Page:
Herb of the month: Witch Hazel

Last update: 28.01.18 First posted: 22.01.18 by in

Herb of the Month has re-emerged from winter hibernation! And in the cold, muddy January garden, one medicinal tree is already brightening the gloom with its blossom.

This is witch hazel: one of three witch hazel trees growing in skincare bed of our apothecary garden. The others – a fiery red-blooming variety, and an orange – are just starting to blossom, a little bit later than the yellow, promising even more colour in this corner of the garden over the coming weeks.

Varieties of witch hazel grow wild across America and Asia from Mexico to Japan, but the particular variety we use for medicine is Hamamelis Virginiana, native to the Eastern part of the North American continent. As a remedy, it has been used by the indigenous people of those lands since long before Europeans arrived. The Mohegan people also used to use the twigs of this tree to dowse for water, and showed British settlers how to do the same, which gives us its English name: ‘witch’ from the Anglo-Saxon ‘wych’/’wice’ meaning ‘pliant’ (like ‘wicker’) because the twigs are supposed to bend towards underground water sources.

Beautiful as they are, the blossoms of the witch hazel are not where most of its medicine is found. The leaves and the bark, and especially the twigs, are the parts gathered and used by herbalists. The tips of this magical tree are full of astringent tannins, anti-inflammatory and capillary-strengthening flavonoids, and cooling volatile oils – properties which make witch hazel an excellent first aid remedy, and a valuable ingredient in skincare.

When extracted in water, the astringent properties of witch hazel help to stop bleeding and close wounds. Witch hazel compresses – cloth soaked in witch-hazel water – can be used to treat cuts, nosebleeds, varicose veins and haemorrhoids. Its cooling, anti-inflammatory and capillary-strengthening properties also help to remedy bruising. For cosmetic purposes, its astringency helps to reduce the appearance of pores, and its anti-inflammatory properties soothe redness and inflammation. Tired, puffy eyes will often benefit from a bit of witch hazel water on a cotton pad.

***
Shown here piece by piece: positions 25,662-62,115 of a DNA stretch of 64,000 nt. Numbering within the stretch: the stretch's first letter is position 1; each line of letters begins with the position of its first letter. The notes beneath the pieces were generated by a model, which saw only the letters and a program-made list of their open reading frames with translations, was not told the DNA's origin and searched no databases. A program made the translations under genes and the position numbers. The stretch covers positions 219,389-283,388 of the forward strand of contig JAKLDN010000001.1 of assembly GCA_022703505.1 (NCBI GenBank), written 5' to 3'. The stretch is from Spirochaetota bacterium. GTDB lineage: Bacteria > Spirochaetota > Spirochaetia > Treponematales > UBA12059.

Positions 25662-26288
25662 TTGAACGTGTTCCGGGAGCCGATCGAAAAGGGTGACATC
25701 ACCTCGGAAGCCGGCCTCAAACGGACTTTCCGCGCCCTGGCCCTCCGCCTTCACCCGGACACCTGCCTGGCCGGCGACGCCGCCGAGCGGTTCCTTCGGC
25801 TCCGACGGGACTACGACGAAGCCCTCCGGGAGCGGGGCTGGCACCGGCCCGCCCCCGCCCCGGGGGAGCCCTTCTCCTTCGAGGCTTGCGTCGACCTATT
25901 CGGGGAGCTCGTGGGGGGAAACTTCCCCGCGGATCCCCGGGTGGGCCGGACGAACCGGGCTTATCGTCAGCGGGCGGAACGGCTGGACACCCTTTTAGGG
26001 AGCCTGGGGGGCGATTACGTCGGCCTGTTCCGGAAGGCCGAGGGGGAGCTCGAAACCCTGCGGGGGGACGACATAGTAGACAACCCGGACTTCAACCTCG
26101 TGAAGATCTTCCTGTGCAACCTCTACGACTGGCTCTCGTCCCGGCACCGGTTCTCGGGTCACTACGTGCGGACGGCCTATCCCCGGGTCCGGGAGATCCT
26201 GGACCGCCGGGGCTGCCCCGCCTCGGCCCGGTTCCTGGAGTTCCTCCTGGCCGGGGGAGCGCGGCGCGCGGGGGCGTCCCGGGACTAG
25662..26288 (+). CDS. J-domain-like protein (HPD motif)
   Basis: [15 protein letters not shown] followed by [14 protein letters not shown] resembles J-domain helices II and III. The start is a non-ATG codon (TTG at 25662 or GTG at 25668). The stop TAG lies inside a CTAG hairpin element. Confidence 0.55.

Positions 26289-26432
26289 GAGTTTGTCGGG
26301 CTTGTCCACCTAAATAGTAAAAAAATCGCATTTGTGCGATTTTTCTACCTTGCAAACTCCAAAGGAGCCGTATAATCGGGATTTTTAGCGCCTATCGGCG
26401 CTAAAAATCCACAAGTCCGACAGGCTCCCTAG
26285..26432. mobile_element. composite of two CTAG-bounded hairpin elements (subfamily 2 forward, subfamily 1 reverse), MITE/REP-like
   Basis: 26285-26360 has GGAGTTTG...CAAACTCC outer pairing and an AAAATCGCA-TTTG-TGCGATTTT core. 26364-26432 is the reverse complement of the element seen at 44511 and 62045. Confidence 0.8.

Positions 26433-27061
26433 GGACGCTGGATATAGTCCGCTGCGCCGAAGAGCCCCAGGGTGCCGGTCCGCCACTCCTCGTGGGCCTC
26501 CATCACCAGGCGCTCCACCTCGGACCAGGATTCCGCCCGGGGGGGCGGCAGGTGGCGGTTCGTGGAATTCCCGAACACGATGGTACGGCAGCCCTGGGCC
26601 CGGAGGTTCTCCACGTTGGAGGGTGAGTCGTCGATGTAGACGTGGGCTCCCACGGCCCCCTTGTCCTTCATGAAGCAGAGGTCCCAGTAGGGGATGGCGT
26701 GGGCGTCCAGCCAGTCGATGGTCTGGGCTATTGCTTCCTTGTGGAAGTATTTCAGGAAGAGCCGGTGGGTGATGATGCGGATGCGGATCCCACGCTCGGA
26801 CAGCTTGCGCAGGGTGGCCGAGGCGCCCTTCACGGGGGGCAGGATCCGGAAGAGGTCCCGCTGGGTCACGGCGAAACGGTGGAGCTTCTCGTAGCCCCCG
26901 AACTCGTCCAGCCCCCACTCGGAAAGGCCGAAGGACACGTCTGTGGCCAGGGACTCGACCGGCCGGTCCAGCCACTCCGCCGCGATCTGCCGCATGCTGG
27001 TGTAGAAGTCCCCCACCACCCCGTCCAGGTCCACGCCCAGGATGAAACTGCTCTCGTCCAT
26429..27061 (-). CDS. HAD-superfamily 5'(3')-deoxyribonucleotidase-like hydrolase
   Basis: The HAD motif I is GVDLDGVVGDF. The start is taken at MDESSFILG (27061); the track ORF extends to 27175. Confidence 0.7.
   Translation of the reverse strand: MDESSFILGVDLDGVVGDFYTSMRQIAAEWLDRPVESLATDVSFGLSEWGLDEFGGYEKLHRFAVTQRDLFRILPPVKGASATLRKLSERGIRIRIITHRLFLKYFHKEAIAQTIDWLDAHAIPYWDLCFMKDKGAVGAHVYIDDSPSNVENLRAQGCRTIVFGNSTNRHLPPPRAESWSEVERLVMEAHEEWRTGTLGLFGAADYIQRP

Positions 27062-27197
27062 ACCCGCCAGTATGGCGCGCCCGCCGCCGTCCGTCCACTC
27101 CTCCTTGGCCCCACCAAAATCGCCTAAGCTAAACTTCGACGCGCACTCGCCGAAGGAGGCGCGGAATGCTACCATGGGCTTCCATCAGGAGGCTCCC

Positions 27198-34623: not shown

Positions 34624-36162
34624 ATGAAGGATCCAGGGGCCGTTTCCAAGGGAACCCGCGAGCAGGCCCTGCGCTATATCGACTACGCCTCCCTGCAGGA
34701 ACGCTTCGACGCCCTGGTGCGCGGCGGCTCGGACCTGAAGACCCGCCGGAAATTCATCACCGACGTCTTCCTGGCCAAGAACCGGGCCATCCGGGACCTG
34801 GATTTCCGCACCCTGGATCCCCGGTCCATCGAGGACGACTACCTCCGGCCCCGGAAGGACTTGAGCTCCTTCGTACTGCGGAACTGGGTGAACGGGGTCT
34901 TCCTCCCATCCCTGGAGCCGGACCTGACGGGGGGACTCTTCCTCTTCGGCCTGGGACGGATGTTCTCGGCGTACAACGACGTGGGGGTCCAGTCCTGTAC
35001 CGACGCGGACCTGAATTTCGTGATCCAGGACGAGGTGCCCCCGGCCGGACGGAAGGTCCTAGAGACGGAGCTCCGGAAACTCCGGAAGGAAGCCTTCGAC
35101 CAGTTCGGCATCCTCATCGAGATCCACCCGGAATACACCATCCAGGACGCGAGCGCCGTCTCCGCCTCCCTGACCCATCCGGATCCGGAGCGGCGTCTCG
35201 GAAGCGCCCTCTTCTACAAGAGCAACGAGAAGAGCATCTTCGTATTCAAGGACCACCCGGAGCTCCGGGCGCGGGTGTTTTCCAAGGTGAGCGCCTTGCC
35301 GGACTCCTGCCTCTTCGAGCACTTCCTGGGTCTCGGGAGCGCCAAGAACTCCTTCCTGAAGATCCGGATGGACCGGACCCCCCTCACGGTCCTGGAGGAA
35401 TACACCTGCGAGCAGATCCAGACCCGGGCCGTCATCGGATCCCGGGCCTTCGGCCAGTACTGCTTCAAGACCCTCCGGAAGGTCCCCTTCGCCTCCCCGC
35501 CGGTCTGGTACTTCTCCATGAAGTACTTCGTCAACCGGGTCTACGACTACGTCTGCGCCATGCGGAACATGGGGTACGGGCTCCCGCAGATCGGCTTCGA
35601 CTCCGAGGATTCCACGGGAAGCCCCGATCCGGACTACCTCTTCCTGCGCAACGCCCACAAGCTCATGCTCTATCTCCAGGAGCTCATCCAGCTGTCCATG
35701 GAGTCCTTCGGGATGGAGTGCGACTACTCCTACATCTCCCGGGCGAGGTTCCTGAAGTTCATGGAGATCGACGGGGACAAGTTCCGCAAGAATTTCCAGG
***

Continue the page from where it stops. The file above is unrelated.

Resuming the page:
Traditionally, witch hazel was also used as an internal remedy: the Iroquois would make an infusion from the boiled twigs of the tree, to treat dysentery and diarrhoea. This is not recommended anymore, because there are so many other astringent herbs which can help with diarrhoea while being much gentler on the stomach (and, as always, please see a doctor if you are feeling really ill – especially if you think you might have dysentery!).

Our little apothecary garden trees are probably too small for us to harvest their bark, but you can buy dried witch hazel bark from good herbal medicine suppliers online. It is very easy to make your own witch hazel decoction by boiling the leaves or the bark in fresh water: the resulting liquid can be used with a clean cloth to make compresses or poultices for healing. For most purposes, though, you may find it easier to buy distilled witch hazel water, either cosmetic-grade or concentrated. Both are available locally, here in Todmorden, and both are valuable additions to the first aid kit. Dab it straight onto minor cuts, bites and stings; use it to make a compress for bruises and sprains; and splash it on your face when your skin needs refreshing.

And see if you can find time to visit these trees while they are still in their full winter bloom.

Sources:

Bartram, Encyclopedia of Herbal Medicine
Grieve, A Modern Herbal

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